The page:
1. Methodology (What is it?) What knowledges (theory and practice) inform it (don’t confine
yourself, look outside conventional ways of knowing)? Are you drawing from one
methodological perspective or many? For example: Critical feminist methodology, Community
based methodology, indigenous methodology, decolonizing methodologies, anti-oppressive
       Research Aims: create social change, social justice goals, race, class, and gender analysis
       -recognize relations that underlie everyday experience, give voice to oppression
       -critical, feminist (define), social structural, decolonizing, anti-oppressive, oppositional,
       resistance, and aboriginal methodologies
       -impact of policy and practice
       -dig beneath the surface
       -value subjective experience; critique value free, objective stance
       -active participation by those researched
       -value nonhierarchal relations and democratic consultation
2. Method (Why did you chose it? What theory, values, ethics, or knowledge informs the
       -interview (open, closed)
       -content analysis
        -story telling
        -case study
        -combination of methods
-limits and benefits of method
3. Ethics Approval
4. Research design
        -your background
        -planned field work
        -journal notes
        -definition of topic of inquiry (mental illness, disability, risk, addiction)
        -how did you conduct the research?
        -place, time, sample (definition, reasons for choice), sample size
        - participants (age, gender, etc.),
        -survey design, questions,
        - pilot project
5. Ethical considerations and Access
        -anonymity; insider/outsider considerations
        -Whose side are you on?
        -do no harm?
        -give back to community
        -colonial appropriation
        -liberatory, social justice goals?
        -protecting participants and self
        -examine own values and suitability for proposed project
        -consent form
        -what do other researchers say about access?
                 -health and legal issues?
                 -captured participants
6. Analysis (How will you proceed? Who is your audience? Collaborate? Own?)
        -what will you do with the data? How will you analyze it?
        -themes (draw on grounded theory?)
        -let data speak to you
        -note consistencies and inconsistencies
        -underlying assumptions
        -myths and ideologies
        -economic imperatives
        -value subjects knowledge
        -recognize social relations that shape phenomena
7. Significance of research: give voice, uncover assumptions, new theory of knowledge
8. Limitations of research: limited time, resources, sample
9. In the field (skip this for now!)
What happened?
        -joys, risks, concerns, dilemmas, surprises, omissions, mistakes, lessons?
                      SPP 516 Class and Readings Schedule:

Jan 7    Introduction:
          Research, methodology, and methods: how they apply to policy

         L. Smith text, Decolonizing methodologies, Introduction & Chapter 1

Jan 14   Engaging in research

         Coursepack, W. Lawrence Neuman, “The meaning of methodology”

         C. Ramazanoglu, “Choices and decisions” (on reserve)

         L. Smith, Chapter 2

Jan 21   Ethics and Methodology: Student seminar on review of methodologies in
         completed thesis/dissertation

         Coursepack, b. hooks, “Feminist scholarship: ethical issues

         L. Smith, Chapter 3

         Protocols & Principles for Conducting Research in an Indigenous Context (on
         reserve and on-line HSD website)

         University of Victoria and TriCouncil guidelines on ethics, and the “Application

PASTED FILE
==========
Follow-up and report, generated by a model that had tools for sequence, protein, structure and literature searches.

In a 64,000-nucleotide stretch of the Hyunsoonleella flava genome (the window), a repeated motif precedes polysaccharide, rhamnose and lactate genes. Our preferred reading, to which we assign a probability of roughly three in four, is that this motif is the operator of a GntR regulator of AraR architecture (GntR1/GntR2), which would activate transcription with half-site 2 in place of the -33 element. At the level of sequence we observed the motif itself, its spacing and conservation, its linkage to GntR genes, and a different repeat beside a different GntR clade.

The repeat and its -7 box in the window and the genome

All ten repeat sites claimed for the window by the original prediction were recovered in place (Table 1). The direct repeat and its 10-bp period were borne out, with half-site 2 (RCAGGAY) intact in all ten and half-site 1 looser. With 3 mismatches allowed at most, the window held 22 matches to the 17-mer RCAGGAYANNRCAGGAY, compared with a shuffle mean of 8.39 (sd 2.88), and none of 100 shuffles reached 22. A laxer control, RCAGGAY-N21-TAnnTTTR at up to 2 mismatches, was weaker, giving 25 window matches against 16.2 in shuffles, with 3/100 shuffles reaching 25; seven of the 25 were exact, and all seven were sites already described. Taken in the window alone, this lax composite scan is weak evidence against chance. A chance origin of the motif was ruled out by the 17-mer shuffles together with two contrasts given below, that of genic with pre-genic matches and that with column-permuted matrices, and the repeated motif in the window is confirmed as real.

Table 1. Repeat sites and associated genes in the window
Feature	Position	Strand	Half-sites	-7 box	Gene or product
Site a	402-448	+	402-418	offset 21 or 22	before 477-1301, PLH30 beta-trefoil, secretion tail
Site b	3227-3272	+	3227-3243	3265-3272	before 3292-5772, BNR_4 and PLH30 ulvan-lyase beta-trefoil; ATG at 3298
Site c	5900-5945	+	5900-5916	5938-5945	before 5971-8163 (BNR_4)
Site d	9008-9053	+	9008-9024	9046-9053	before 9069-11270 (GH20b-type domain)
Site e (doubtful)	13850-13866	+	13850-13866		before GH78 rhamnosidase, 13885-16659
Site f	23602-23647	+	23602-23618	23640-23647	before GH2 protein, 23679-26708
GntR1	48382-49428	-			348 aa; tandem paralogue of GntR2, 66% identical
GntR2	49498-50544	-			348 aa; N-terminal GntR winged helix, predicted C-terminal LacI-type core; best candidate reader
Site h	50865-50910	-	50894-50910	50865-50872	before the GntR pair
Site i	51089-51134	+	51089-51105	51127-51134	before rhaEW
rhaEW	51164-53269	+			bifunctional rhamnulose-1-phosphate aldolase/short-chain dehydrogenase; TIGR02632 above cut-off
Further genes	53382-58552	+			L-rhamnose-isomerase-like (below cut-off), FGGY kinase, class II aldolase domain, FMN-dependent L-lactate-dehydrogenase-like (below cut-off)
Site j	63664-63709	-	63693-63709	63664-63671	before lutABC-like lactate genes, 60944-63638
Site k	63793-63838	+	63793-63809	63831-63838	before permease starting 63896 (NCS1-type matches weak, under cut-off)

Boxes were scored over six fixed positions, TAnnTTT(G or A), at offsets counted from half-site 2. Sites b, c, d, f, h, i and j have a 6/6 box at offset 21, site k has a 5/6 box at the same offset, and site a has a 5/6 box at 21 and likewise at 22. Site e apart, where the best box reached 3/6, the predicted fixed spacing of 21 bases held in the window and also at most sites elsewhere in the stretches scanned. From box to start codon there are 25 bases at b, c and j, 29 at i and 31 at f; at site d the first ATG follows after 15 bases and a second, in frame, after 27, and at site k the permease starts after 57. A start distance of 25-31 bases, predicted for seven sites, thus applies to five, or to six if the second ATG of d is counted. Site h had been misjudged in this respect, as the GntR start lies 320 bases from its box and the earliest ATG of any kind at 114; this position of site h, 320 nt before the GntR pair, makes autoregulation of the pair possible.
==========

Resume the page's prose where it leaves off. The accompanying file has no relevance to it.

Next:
for Ethical Review of Human Research.” Look for forms and ethics under review

         Thesis review paper due

Jan 28   I. Qualitative traditions of inquiry

         Guest Speaker

         Coursebook, J. Creswell, “Five Qualitative Traditions of Inquiry”

         Coursepack, H. Becker, “Who’s side are you on?”

         L. Smith, Chapter 8

Feb 4    Library seminar & Formulating a methodological and research focus
         Library seminar with Katy Nelson, meet at the Library, Room 130 at 1:30 pm.

         Coursebook, M. Johnson Young, “Exploring the WPA narratives”

         Coursebook, H. Wolcott, “Getting Going” pp. 13-32

Feb 11   II. Traditions of Inquiry: Critical discourse analysis

         S. Reinharz, Chapter 8: Feminist Content Analysis (on reserve)

         Coursebook, A. Browne & V. Smye, “A post-colonial analysis of healthcare
         discourses addressing aboriginal women”

         Coursebook, X. Chen, “Constituting ‘dangerous parents’ through the spectre of
         child death”

Feb 18   III. Traditions of inquiry: Interviews

         Reading Break

         L. Smith text, Chapter 6.

         Coursebook, A. Oakley, “Interviewing women: A contradiction”

Feb 25   III. Concepts, Definitions and Visual Culture

         Presentation on film analysis

         R. Dyer,” White (on reserve)

         Coursebook, M. Oliver, “Disability definitions”

         Coursebook, H. Becker, “Concepts” pp. 109-128

         Paper #1 due in class

Mar 4    IV. Policy analysis and Institutional Ethnography

         Guest Speaker: Carolyn Schellenberg

         Coursebook, M. Prince, “Holes in the safety net”

         Coursepack, A. Majchrzak, “Technical Analysis”

         Coursebook, D. Smith, “Institutional Ethnography”

         Recommended: Coursebook, M. Campbell & F. Gregor, “Theory in everyday

Mar 11   Statistical analysis, surveys and evaluating research and policy

         Guest Speaker: Lyn Davis

         Coursebook, S. Reinharz, “Feminist Survey Research”

         D. Mertens, “Transformative paradigm: Mixed methods and social justice” (on

         J. Roth, “Hired hand research” (on reserve)

         Recommended: Sir C. Moser and G. Kalton, “Questionnaires” (on reserve)

         Recommended E. Babbie, “operationalization” (on reserve)

Mar 18   Community, state, practices and research:

         Guest Speaker: Tamara Herman, VIPIRG

         Coursebook, R. Ng, “State funding to a community employment centre

         Coursebook, M. Reitsma-Street, “Processes of Community Action Research”

         Coursebook, F. Poland, “The history of a ‘failed’ research topic

         B. Wallace, “Participatory Action Research can be complicated” (on reserve and
         on-line VIPIRG)

Mar 25       The role of the researcher: Insider/outsider

             Movie: Kitchen Stories

             K. Narayan, “How Native is a ‘Native’ Anthropologist?” (on reserve)

             L. Smith, Chapter 4 and Chapter 7.

April 1      Paper II due in class

             Coursebook, A. Liazos, “The poverty of the sociology of deviance: Nuts, sluts,
             and preverts”

Boyd, 2009